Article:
Rye Pumpernickel bread is made from rye and wheat
flours. It's the rye flour however that is the most
interesting. The old traditional dark rye uses a coarse ground rye
flour or meal (which it is sometimes called) that is made from the whole
rye grain. It can be ground fine or medium and the coarse version is
what is commonly referred to as "Pumpernickel". If we were
talking about wheat flour, it would be like whole wheat.
Regular rye flour is made from just the
endosperm with the bran and germ removed, but Pumpernickel flour is made
with the whole grain and the ash content of the grain is what gives it the
distinctive dark color. This color can vary from brand to brand
depending on their method of milling.
Most of the modern examples of pumpernickel
bread include a mixture of rye and wheat flour and are darkened with
caramel coloring or cocoa so that they look like the original.
Old recipes for pumpernickel bread call for baking in steam at a low
heat for 2 hours or more. Flavors
develop as long slow cooking causes the natural sugar in rye flour
to darken and sweeten the bread.
Chocolate, spices, orange peel and
beer may be added and potatoes are often included because they help keep
the bread moist.
Rye Pumpernickel Bread Recipe
Makes 2 loaves
2 cups warm water
1 tablespoon Saf-Instant yeast
1 cup strong coffee, at room temperature
1/4 cup barley malt extract/syrup or sorghum syrup
2 tablespoons cocoa powder or carob powder
2 teaspoons sea salt
3 cups rye pumpernickel flour
2 cups whole wheat bread flour
2 cups unbleached bread flour
About 4 tablespoons yellow cornmeal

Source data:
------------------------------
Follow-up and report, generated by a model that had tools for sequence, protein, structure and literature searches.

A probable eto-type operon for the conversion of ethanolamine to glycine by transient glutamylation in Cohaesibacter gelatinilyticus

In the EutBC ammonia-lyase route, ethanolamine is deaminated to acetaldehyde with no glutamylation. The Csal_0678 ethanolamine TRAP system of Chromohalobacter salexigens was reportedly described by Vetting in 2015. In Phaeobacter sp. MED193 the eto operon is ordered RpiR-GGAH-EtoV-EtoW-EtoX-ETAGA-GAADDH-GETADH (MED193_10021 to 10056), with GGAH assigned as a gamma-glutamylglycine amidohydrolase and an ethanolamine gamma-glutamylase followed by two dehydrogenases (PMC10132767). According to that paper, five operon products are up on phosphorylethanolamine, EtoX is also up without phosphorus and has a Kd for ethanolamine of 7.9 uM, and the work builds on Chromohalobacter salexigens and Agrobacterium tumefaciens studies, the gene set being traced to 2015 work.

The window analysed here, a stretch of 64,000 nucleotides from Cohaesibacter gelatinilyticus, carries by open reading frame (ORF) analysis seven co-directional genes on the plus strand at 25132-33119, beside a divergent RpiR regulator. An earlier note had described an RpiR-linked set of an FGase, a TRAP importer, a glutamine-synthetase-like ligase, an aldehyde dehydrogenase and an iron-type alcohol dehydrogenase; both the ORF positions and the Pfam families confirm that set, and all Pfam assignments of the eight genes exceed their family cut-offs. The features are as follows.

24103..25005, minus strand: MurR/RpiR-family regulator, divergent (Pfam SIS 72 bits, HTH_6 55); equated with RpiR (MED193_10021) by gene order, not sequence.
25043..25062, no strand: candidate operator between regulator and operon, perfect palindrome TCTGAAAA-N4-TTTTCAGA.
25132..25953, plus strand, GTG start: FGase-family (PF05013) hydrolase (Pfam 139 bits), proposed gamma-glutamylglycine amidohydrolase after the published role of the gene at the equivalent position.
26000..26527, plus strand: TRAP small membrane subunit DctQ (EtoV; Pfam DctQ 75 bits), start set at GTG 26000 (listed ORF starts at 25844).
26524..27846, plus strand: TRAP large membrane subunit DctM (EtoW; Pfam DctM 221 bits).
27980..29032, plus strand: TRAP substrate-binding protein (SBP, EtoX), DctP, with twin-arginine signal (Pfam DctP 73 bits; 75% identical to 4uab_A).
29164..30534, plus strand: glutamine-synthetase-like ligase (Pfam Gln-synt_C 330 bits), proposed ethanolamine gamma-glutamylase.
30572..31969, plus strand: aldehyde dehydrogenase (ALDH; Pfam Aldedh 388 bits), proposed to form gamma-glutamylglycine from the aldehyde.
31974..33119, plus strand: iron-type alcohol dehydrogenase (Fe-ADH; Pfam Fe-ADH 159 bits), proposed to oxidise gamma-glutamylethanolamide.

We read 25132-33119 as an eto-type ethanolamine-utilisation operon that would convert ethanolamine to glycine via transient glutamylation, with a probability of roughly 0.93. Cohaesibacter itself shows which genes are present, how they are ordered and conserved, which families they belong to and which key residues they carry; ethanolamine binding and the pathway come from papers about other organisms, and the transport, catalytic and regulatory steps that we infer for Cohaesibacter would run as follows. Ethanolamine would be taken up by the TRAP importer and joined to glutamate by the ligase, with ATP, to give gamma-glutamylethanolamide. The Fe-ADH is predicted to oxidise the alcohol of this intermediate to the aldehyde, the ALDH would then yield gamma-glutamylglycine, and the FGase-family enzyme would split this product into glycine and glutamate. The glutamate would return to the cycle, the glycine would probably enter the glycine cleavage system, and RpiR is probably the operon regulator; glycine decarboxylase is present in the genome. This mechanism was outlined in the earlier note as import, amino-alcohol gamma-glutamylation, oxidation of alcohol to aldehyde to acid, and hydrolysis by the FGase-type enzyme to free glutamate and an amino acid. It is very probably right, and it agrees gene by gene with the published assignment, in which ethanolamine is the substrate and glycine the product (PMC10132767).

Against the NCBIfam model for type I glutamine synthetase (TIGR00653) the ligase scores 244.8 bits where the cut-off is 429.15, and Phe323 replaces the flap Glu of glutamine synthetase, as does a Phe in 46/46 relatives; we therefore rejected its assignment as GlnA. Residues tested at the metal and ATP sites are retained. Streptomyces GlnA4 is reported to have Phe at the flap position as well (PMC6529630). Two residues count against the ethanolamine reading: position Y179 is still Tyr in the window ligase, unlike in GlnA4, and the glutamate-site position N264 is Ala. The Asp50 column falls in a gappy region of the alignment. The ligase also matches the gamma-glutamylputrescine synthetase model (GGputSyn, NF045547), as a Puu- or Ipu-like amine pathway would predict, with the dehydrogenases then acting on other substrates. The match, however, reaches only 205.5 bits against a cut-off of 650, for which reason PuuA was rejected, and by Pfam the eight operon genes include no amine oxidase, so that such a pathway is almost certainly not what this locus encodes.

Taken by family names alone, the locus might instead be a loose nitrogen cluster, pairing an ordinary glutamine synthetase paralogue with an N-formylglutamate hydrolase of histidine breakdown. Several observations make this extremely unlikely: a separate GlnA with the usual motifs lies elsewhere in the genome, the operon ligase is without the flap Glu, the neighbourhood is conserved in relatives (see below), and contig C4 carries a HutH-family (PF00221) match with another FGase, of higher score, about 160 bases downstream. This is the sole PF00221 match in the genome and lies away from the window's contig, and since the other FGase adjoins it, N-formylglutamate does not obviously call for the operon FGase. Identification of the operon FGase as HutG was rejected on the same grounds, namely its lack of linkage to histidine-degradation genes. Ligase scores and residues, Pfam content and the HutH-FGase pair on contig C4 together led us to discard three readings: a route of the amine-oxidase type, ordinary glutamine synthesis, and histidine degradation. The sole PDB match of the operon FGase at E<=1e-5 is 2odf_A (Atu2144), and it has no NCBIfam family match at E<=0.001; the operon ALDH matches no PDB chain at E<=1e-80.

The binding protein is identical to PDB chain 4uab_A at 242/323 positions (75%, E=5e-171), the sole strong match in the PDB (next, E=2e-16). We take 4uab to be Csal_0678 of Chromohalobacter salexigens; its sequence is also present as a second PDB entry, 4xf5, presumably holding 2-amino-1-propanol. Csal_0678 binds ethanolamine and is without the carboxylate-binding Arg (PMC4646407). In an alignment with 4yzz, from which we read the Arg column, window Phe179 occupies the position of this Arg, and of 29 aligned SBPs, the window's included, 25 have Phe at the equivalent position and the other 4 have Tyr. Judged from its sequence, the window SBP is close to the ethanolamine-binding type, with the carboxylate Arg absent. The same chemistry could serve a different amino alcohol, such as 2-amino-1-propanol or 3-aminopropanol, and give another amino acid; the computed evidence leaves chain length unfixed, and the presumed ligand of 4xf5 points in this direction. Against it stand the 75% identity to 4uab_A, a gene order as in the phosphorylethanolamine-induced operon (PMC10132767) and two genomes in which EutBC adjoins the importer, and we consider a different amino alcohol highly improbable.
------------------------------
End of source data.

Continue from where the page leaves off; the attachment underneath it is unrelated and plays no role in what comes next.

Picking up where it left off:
1/4 cup milk
In a large mixing bowl, combine water (not over
110° F) and yeast. Let stand for 5 minutes, or until the yeast is
dissolved. Stir in the coffee, barley malt, cocoa or carob powder, and sea
salt. When well combined, stir in the rye and whole wheat flours and as
much of the unbleached bread flour as you can work in before the dough
gets too stiff to stir. Turn out onto a lightly floured work surface
and let rest for 5 minutes. Begin kneading in the remaining flour. Knead
for at least 10 minutes, or until the dough starts to get sticky.
Place in a greased bowl. Cover and let rise at room
temperature in a draft-free spot for about 2 hours, or until doubled in
Grease 2 baking sheets and dust each with 2 tablespoons
cornmeal or enough to generously cover. Set aside.
Punch down the dough and divide it in half. Shape each
half into a ball, molding the sides under and smoothing any edges
together. Place 1 loaf on each baking sheet. Cover and let rise in a warm
draft-free spot for about 1 hour, or until doubled in bulk.
Preheat the Oven to 350°F. Slash the top of each loaf
in several places. Whisk together the egg and milk. Generously brush the
top surface of each loaf with egg wash. Bake for 1 hour or until deep
brown and crusty and it sounds hollow when thumped on the bottom. Remove
from the oven and cool on a wire rack.